In 1974 Arabic was made the 6th official language of the United Nations.
The present alphabet consists of 28 letters, mostly based on consonants, and is written from right to left. Spoken Arabic varies from country to country but classical Arabic – the language of the Koran – has remained largely unchanged since the 7th century, and this is used as a common language by Arabic speakers from different countries when they meet.
Many English words stem from Arabic, particularly those beginning with ‘al’, such as ‘algebra’, ‘albatross’, and ‘alcove’. Other words include ‘giraffe’ , ‘minaret’, ‘sofa’, ‘syrup’, ‘amber’, and ‘magazine’.
Companies who have taken Arabic for Business courses with CLT include global players Rolls Royce in Bedford and BAE Systems. A key account manager from BAE Systems chose to undertake his Arabic training in the form of a one week intensive business Arabic course which was held in the Peak District Derbyshire at the renowned Peacock Hotel at Rowsley.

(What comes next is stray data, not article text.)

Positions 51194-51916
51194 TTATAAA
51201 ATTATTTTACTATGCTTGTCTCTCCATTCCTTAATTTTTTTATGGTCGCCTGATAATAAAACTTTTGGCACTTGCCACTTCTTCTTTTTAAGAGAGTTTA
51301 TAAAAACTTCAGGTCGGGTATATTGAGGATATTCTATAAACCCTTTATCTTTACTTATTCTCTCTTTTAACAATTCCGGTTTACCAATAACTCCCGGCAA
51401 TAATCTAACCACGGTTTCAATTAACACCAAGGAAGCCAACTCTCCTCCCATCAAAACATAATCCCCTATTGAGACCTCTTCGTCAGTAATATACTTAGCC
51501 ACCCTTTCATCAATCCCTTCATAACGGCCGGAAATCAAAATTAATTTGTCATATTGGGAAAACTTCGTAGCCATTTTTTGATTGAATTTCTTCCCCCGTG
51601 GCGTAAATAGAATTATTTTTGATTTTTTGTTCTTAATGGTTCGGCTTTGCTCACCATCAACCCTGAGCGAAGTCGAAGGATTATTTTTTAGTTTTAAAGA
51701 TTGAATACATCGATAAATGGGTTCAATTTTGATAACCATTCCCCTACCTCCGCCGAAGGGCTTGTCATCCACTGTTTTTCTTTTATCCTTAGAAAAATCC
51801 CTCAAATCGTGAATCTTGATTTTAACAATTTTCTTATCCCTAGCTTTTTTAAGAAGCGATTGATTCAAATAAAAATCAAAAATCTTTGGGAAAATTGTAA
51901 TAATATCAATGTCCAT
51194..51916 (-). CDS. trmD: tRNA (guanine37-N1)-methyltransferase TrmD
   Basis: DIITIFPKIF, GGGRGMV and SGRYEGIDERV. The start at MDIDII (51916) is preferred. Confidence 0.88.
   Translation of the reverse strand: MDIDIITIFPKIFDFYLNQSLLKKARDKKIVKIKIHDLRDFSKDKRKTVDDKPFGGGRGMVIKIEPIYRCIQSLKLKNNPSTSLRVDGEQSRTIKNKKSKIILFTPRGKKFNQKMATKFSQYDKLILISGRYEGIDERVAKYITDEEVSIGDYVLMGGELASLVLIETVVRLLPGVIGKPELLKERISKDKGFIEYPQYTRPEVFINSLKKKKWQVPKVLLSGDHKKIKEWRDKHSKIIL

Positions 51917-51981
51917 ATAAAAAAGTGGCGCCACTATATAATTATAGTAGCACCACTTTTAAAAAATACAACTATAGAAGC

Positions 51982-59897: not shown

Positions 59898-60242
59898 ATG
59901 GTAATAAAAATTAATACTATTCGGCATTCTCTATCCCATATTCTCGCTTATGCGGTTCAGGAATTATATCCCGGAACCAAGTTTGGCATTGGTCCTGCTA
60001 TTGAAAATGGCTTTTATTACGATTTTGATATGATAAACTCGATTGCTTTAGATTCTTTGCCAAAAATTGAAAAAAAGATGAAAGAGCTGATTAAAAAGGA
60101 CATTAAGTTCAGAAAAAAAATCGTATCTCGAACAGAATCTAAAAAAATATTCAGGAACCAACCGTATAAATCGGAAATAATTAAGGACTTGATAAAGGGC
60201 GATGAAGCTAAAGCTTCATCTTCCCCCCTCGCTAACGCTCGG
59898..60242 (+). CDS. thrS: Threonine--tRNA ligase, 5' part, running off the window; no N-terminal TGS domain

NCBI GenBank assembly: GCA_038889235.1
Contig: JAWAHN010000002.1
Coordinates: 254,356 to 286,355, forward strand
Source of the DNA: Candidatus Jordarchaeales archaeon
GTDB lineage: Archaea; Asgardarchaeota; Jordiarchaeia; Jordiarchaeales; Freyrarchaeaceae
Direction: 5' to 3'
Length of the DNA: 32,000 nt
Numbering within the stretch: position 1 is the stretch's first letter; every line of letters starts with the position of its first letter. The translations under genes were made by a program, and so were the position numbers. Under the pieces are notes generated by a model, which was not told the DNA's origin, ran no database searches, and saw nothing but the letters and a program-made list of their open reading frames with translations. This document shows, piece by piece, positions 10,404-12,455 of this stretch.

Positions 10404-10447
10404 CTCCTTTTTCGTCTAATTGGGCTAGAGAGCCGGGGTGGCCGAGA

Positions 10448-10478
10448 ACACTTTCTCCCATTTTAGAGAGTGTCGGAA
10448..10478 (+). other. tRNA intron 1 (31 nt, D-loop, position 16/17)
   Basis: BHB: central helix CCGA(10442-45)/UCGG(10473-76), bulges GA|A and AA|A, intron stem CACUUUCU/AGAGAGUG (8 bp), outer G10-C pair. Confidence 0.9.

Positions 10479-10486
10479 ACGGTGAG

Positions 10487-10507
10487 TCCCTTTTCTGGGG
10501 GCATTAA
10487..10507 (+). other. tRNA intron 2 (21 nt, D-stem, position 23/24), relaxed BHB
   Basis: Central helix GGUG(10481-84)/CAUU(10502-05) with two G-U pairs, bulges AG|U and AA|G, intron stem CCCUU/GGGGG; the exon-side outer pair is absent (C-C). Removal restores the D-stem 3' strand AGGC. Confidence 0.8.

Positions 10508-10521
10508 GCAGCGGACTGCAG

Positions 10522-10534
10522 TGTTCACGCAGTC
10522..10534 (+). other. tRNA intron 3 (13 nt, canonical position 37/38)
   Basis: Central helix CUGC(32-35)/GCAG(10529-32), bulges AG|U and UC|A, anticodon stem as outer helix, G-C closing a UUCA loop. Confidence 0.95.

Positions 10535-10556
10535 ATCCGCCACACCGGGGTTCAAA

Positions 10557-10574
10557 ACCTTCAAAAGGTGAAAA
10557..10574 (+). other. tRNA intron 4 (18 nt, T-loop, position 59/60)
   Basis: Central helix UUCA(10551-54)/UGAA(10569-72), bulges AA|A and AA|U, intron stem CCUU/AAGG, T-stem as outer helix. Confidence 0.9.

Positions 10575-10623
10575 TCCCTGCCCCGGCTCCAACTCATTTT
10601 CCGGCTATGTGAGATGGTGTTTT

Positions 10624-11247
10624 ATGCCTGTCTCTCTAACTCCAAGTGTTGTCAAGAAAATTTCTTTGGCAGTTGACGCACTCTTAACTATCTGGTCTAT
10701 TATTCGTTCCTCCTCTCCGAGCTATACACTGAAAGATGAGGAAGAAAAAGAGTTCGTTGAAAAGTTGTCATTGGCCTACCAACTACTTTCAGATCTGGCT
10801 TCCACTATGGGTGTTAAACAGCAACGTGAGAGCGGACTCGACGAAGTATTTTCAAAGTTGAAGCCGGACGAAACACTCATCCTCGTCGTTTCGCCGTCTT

Corporate clients learning business Arabic tend to concentrate on verbal communication skills – speaking and listening – as learning the Arabic script would be a more time-consuming course, and reading or writing Arabic is not usually a priority for business people whose main aim is to converse more fluently with clients and colleagues overseas.